Overcoming “Facebook Zero”

July 17, 2014 Deb Griffith

Facebook Zero

Earlier this year, after noticing diminished organic reach for some of their brand clients on Facebook, Ogilvy and Mather conducted some research. It was called nothing short of an apocalypse...

Hyperbole aside, it is a pretty significant change for the social media channel and it will impact the future marketing strategies for brands currently active on Facebook.  

What is Facebook Zero?

It refers to the widely-held belief that at some point in the not too distant future, Facebook will restrict all organic content generated by businesses from news feeds, thus yielding a reach of zero. Nada, zip, zilch, bupkis.

The term organic content refers to the information that you share on your wall, and is then served to your businesses fans or followers. So if you have been asking for “likes” for your business, that community you just built most likely isn’t going to see what you have to say  anymore.

Here are some facts to illustrate the trend:

  • In February 2012, Facebook restricted the organic reach of its content on fan pages from an average of 48% to 16%.
  • This number dropped even more by February 2014 when the organic reach of a post averaged 6%.
  • Larger pages of 500k+ fans now have an average reach of 2%.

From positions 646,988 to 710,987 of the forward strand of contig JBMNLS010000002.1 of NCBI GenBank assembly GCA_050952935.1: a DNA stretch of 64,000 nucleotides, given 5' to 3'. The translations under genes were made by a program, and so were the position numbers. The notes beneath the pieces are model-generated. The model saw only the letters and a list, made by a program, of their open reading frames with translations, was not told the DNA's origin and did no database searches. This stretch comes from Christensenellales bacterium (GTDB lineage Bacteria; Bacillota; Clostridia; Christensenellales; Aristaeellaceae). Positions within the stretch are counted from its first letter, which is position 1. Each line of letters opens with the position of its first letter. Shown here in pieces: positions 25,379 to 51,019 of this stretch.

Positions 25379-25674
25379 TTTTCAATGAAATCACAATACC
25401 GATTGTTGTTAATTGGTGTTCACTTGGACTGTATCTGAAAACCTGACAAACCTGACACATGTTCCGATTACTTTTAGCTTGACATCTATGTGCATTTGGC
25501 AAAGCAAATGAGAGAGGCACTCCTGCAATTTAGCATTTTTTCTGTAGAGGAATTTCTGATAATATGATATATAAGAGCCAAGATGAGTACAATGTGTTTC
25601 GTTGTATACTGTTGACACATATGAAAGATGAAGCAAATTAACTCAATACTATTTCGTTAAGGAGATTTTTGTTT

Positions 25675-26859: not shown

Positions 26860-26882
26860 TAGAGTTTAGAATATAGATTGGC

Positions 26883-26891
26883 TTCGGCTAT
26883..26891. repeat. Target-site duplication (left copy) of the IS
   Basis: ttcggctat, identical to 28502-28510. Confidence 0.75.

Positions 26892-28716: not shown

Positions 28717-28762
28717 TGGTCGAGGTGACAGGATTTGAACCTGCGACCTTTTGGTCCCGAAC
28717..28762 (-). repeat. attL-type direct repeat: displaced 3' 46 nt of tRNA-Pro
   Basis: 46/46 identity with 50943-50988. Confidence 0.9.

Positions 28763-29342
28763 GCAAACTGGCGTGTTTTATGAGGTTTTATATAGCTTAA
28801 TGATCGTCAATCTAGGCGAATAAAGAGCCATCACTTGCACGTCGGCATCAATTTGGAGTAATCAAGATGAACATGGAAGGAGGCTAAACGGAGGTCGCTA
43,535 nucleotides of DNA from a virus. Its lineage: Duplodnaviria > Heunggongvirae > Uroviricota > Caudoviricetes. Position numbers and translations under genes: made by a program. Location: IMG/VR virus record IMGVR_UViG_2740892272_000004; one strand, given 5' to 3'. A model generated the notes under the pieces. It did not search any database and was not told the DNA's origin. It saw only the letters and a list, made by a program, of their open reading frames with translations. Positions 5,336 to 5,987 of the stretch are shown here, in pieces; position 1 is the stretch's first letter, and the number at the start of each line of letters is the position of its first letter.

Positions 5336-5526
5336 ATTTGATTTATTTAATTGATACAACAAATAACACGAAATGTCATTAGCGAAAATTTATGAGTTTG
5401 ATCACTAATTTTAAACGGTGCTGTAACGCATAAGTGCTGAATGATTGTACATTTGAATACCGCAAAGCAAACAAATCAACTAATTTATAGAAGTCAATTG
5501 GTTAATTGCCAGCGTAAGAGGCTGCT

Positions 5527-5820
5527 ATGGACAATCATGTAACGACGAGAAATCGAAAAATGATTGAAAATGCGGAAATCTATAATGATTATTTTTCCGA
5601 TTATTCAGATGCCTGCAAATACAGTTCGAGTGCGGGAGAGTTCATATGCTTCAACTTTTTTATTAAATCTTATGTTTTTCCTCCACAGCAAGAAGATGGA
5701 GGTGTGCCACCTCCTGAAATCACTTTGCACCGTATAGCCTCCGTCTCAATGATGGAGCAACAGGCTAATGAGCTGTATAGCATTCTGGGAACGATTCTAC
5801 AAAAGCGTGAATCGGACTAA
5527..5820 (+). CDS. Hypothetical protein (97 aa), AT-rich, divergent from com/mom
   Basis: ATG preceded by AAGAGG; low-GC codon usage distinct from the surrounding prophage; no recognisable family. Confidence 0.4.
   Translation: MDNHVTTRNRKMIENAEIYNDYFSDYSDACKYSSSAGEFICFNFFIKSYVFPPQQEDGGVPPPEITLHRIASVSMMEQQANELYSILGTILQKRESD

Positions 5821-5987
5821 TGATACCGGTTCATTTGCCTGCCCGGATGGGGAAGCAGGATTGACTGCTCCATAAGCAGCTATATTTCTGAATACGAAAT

What Can Be Done?

Essentially, nothing.  Except spend money on advertising.

Facebook suggests that “boosting” content (via paid ads) will in fact get those messages in front of your followers again, plus you can target additional users as well.  

While some marketers are angered that Facebook is “taking something away from them”, the general consensus is that no one should have thought that the free ride would last forever.  

The good news is, Facebook is a tremendous online advertising engine -- probably the best one out there.   Facebook pushes ads to people based on their extensive profile data, which everyone would agree is pretty significant, maybe even a little scary.  Compare that to Google’s ad server, which only provides topical information to you when you are searching for it.

Pricing is also very reasonable for Facebook posts -- you can generally reach 1,000 for roughly $5.  The key is making sure that the posts you choose to promote have some sort of compelling message to drive action.

Why Does This Matter For Businesses?

All marketers that utilize Facebook as a distribution channel will need to take a hard look at the time and energy they now spend maintaining, cultivating and curating their Facebook presence and make appropriate changes as necessary:

  • Spending money on building a following should immediately become a thing of the past, as so few of them will ever see anything you are trying to say.
  • You shouldn’t plan to pay for boosting every single post you make, just the ones that have specific calls to action that are measurable.
  • Small businesses (with less than 1,000 likes) seem to still be achieving 20% organic reach, but these numbers are slowly slipping.
  • Check the recently updated Facebook page Insights, to see what the activity is now on your posts, so you can set your own baseline to monitor.

If you haven’t already, re-evaluate your Facebook Marketing plan now to stay ahead of the changes afoot.

 

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Abstract: 
Facebook is an essential marketing tool, but since they’ve throttled back on displaying organic posts, marketing departments need to change their strategies.

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